Looking for desserts to end your meal? Discover these old traditional desserts that are guaranteed to leave you satisfied and bring back many memories.
Don’t knock ‘em til you try ‘em. These desserts, which are more like warm hugs in a bowl, are pretty endangered as a food species and are a serious throwback for us locals. It throws us right back into the bosoms of our mothers and grandmothers.
Most of these dishes still go by their old-school dialect names and can be found either in a standalone shop or at hawker centres. Here is a helpful list.
1. “Ah Balling”
Also known as ‘tang yuan’, these Chinese glutinous rice balls are soft, slightly chewy and stuffed with peanut, sesame paste and red bean. Typically served in a sweet, gingery broth or a lighter peanut soup. Best eaten on a cool rainy day for that extra gingery warmth.
2. Bo Bo Cha Cha
Bo bo cha cha is served as a warm hearty dessert made up of pearled sago, sweet potatoes, yams, coloured glutinous rice balls and coconut milk with pandan leaf aromas.
A dessert popular among the Peranakans, the Malays also make a version of this with ripened bananas and it is also known as bubur cha cha. The natural sweetness of the sweet potatoes when boiled in pandan-infused coconut milk makes it an irresistible treat, often invoking nostalgia amongst many Singaporeans.
3. Green Bean Soup
A Chinese dessert soup made from green (or mung) beans and is cooling and sweet at once. There are a few versions but most are made by boiling mung beans with pandan leaves, slices of ginger, pearl sago and finished with a fresh coconut milk and gula melaka or palm sugar.
Popular among many, this dessert is highly nutritious as it contains a high level of folate, making it a popular choice among expecting mums and the elderly.
4. Red Bean Soup
Sweet Red Bean Soup Dessert is a popular Chinese warm dessert (or tong sui) made from red beans. The most popular version is made by boiling red beans with pandan leaves and tangerine peel. Sometimes gingko nuts and sago are added for extra heartiness. A delicious and rich dessert known for its cooling properties, you may want to skip on your appetiser to make room for this after your meal!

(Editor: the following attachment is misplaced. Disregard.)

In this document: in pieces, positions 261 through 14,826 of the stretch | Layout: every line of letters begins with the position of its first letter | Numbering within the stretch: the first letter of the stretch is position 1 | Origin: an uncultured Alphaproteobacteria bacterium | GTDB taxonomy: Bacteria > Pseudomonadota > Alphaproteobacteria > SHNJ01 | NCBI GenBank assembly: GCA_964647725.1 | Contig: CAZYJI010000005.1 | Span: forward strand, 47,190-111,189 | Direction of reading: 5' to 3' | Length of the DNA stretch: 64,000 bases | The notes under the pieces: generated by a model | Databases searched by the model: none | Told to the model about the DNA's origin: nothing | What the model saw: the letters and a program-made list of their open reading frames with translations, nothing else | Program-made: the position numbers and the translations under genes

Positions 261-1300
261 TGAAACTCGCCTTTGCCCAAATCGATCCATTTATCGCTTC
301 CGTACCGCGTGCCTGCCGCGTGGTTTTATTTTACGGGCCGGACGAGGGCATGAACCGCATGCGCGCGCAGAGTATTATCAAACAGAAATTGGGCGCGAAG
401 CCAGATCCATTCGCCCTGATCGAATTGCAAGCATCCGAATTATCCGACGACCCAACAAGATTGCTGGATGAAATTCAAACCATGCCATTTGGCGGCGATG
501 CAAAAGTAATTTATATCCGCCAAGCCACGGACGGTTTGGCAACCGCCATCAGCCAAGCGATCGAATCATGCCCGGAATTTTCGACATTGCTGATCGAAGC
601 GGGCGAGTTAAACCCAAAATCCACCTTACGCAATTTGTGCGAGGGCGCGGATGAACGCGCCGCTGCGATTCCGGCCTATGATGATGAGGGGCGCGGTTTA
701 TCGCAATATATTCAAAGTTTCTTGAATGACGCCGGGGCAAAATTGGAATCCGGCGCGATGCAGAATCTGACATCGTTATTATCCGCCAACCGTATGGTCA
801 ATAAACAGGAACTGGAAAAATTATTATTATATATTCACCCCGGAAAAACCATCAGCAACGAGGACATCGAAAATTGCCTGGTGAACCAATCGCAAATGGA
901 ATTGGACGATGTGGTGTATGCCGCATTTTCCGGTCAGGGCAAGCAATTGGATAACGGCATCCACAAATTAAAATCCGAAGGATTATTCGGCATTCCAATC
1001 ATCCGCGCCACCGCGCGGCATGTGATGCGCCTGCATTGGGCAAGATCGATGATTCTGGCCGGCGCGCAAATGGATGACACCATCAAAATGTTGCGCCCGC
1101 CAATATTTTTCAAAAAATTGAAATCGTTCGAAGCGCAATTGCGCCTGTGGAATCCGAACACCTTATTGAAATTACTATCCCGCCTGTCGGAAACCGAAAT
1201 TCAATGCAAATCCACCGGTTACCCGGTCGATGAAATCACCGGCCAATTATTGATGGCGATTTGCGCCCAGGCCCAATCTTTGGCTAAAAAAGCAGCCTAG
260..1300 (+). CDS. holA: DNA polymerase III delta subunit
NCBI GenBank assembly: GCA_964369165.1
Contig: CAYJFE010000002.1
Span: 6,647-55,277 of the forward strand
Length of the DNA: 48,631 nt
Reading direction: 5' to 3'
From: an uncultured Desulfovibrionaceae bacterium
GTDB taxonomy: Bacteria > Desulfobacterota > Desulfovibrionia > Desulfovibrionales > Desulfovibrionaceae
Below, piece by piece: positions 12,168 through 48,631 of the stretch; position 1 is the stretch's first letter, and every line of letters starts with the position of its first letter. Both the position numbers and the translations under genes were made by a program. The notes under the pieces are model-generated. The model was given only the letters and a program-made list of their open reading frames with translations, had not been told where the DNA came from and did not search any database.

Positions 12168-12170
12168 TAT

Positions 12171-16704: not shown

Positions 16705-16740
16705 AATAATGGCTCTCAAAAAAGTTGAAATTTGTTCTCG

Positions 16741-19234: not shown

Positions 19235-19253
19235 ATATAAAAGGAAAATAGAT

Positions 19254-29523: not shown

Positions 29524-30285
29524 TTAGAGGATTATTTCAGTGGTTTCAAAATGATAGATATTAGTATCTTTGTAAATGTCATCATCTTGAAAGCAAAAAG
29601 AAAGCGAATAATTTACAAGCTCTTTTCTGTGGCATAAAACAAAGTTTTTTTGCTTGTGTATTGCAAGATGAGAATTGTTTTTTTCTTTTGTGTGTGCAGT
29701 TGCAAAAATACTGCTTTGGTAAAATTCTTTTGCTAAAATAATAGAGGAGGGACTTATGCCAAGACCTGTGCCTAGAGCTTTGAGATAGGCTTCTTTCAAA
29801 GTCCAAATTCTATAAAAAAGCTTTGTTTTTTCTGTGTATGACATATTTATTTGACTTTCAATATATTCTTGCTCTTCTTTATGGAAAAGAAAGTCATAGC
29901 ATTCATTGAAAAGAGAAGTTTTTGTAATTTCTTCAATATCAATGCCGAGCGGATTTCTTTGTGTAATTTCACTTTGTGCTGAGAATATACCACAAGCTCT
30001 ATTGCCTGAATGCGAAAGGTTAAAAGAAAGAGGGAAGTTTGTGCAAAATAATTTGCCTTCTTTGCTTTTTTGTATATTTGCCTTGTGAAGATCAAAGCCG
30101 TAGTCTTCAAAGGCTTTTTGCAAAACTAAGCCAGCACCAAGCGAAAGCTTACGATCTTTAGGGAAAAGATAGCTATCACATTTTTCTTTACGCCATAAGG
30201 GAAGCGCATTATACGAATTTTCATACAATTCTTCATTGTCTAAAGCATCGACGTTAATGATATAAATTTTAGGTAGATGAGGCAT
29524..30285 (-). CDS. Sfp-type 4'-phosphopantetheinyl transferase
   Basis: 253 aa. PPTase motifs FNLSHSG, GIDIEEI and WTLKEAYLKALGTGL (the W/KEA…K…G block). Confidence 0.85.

5. “Orh Nee”
This popular Teochew dessert is made from blended taro paste. Taro is locally known as ‘yam’ and this hot dessert is usually served with gingko nuts to complement the paste.
This dessert is often served at weddings too, as yam pudding signifies fertility while growth is represented by the beans and ginko nuts used. This dessert is undoubtedly a true representation of tradition and is sure to bring back fond memories.
6. “Pulut Hitam”
A dessert of Malay origin, Pulut Hitam is a textured black glutinous rice pudding served with coconut cream. Often sold at dessert shops with the other hot desserts, don’t be put off by its black colour.
Soaked and slow cooked with pandan leaves and then served with a drizzle of rich coconut cream, this sweet black rice pudding will leave you wanting more.
7. “Tau Suan”
Tau Suan is a sweet Chinese dessert made of split mung beans served hot with fried dough crullers (youtiao).
This dessert is an all time favourite due to its sweet, starchy and gooey concoction, making it a lighter alternative to green bean soup. The bright yellow colour of the mung beans makes it an attractive and popular warm dessert. Top this up with slices of youtiao and let it soak in the soup for that extra bite.
Where to Go:
Mei Heong Yuen Dessert
Address: 63 to 67 Temple Street, Singapore 058611
Opening Hours: 12:00pm to 9:30pm, closed Mon
Ah Chew Desserts
Address: 1 Liang Seah Street, Liang Seah Place #01-10/11, Singapore 189022
Opening Hours: Mon to Fri, 12:30pm to 12:00am; Sat to Sun, 1:30pm to 12:00am
115 Tang Shui
Address: 335 Smith Street, Chinatown Complex Food Centre #02-206, Singapore 050335
Opening Hours: Mon, 7:30am to 5:00pm; Wed to Sun, 7:00am to 5:00pm; Closed on Tue
8. “Tau Huay”
The base of this popular Chinese dessert is soft and smooth tofu, also referred to as soybean pudding. It is simple but deliciously served in a sweet, clear syrup infused with pandan and gula melaka. A popular treat anytime of the day, it is especially eaten at breakfast and is sometimes accompanied with a piping hot fried dough cruller or youtiao dunked in the warm silky beancurd pudding.
Where to Go:
Lao Ban Soya Beancurd
Address: 1 Kadayanallur Street, Maxwell Food Centre #01-91, Singapore 069184
Opening Hours: 11:30am to 4:00pm, closed Sun
Rochor Original Beancurd
Address: 2 Short Street, Singapore 188211
Opening Hours: Mon to Thu, 11:00am to 1:00am; Fri, 11:00am to 3:00am; Sat, 12:00pm to 3:00am; Sun, 12:00pm to 1:00am